Amazon Aurora Release Marks Shift to Database as Infrastructure
Showing even more signs of how much the DBaaS market is heating up, Amazon Web Services has this week released Amazon Aurora, a MySQL-compatible relational database engine specifically aimed at facilitating the scalability of applications and cloud-based Internet architecture.
Aurora was initially launched at Amazon’s signature re:Invent conference in November last year, but was only available in preview. At the time, customers, including MOOC provider Coursera, facial-recognition platform FacialNetwork, and European luxury retailer Kurt Geiger, sung the praise of the new database offering, which boasts automatic resizing of databases without disruption from a starting point of 10GB to 64TB.
Now those names have been added to fitness program Zumba, climate platform Earth Networks and download service WeTransfer, adding their weight to the power and scalability of Amazon Aurora.
Aurora allows customers to create up to 15 replicas of their database, and these can be spread across three geographical zones (with database volume replicated in 10GB chunks in six ways). Amazon’s Multi-AZ technology is used to automate restarting of any databases that failover, and a variety of tech continues to monitor for crashes, separate database buffer cache from database processing, and even constantly scan and heal data blocks within the DB storage.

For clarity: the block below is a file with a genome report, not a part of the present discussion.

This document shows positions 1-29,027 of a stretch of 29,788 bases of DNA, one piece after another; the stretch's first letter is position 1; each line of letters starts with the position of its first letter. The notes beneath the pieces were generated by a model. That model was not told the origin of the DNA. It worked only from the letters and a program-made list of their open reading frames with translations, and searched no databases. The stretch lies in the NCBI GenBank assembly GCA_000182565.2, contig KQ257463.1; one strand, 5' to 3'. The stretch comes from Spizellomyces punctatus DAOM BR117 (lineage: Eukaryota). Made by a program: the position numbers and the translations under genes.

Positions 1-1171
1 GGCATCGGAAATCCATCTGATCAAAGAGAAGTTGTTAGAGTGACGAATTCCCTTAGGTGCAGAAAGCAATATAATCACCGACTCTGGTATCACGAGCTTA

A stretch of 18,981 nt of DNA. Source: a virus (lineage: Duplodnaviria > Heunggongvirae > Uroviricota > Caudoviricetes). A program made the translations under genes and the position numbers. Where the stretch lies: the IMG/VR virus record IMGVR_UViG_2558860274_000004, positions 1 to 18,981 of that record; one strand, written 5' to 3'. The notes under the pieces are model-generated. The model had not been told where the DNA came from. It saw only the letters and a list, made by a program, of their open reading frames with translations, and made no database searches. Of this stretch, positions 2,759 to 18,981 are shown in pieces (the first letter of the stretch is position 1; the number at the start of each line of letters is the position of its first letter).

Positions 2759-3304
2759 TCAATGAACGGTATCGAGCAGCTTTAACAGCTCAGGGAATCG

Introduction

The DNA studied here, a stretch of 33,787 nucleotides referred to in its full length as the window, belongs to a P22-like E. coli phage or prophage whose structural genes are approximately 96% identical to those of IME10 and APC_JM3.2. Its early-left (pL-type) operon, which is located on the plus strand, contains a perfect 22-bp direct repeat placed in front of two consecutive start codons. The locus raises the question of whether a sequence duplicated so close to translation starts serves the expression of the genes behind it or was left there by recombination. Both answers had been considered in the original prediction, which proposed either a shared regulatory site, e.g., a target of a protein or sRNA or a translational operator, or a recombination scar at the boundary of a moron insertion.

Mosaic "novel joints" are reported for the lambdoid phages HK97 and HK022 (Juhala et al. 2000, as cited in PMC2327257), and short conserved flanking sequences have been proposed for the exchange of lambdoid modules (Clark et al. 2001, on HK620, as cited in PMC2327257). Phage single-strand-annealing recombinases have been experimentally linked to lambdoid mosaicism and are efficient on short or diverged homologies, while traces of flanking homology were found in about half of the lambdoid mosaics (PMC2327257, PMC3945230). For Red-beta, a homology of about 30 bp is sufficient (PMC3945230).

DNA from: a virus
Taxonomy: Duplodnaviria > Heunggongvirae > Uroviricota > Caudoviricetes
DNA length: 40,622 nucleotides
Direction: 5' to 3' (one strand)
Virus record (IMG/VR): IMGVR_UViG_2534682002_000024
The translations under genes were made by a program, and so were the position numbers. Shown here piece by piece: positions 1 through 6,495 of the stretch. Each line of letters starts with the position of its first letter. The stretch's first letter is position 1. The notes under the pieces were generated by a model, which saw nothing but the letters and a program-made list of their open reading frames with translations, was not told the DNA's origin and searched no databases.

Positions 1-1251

In response to market demand, this year has seen most database providers jostling for ways then can offer lower latency, perform real-time transactional processing and manage scalability. Approaches being taken have included sharding and in-memory peer growth, addressing external factors affecting scalability and even rewriting a database core product completely to introduce new batch algorithms. So far, there have been no real losers: open source offering Redis has continued to expand, FoundationDB was bought up by Apple, and DBaaS offerings like Orchestrate and Compose have been acquired by industry giants CenturyLink and IBM.
It is these two latest acquisitions that set the context for Amazon’s Aurora release. With the surge in Internet architecture needs at a global scale, enterprise dev teams are looking for ways to decouple a need for expertise in database management from their application focus. Databases are continuing to move from an individual enterprise concern to be viewed more as an external service that just works. Hence, the growth in hosting providers buying up database products so they can offer a DBaaS with their cloud infrastructure.
However, the new Amazon Aurora release replicates some of the obstacles that Amazon already faces going forward as a cloud infrastructure provider. The security concerns of AWS Identity and Access Management (IAM) and the complexity intrinsic to the AWS Management Console that Joe Emison documented in his recent The New Stack article remain as key challenges.
Along with that is the trade that comes with more granular pricing models. On the one hand, customers are starting to see greater choice available in what they pay for, and more minute pay-for-what-you-use pricing models. Compose’s Founder Kurt Mackey hinted at this possibility in their recent acquisition, while Amazon’s Aurora product already comes with detailed pricing that varies on how much storage you want to buy in advance, how much you want to buy on-demand for processing database instances during testing, and how much backup you want to store. Geographic prices will also come into play, especially when Aurora extends to regions such as the Asia Pacific, where Japanese consumption taxes come into effect.
IBM is a sponsor of The New Stack.
Featured image: “What is in your Kindle catalog” by Raymond Bryson is licensed under CC BY 2.0.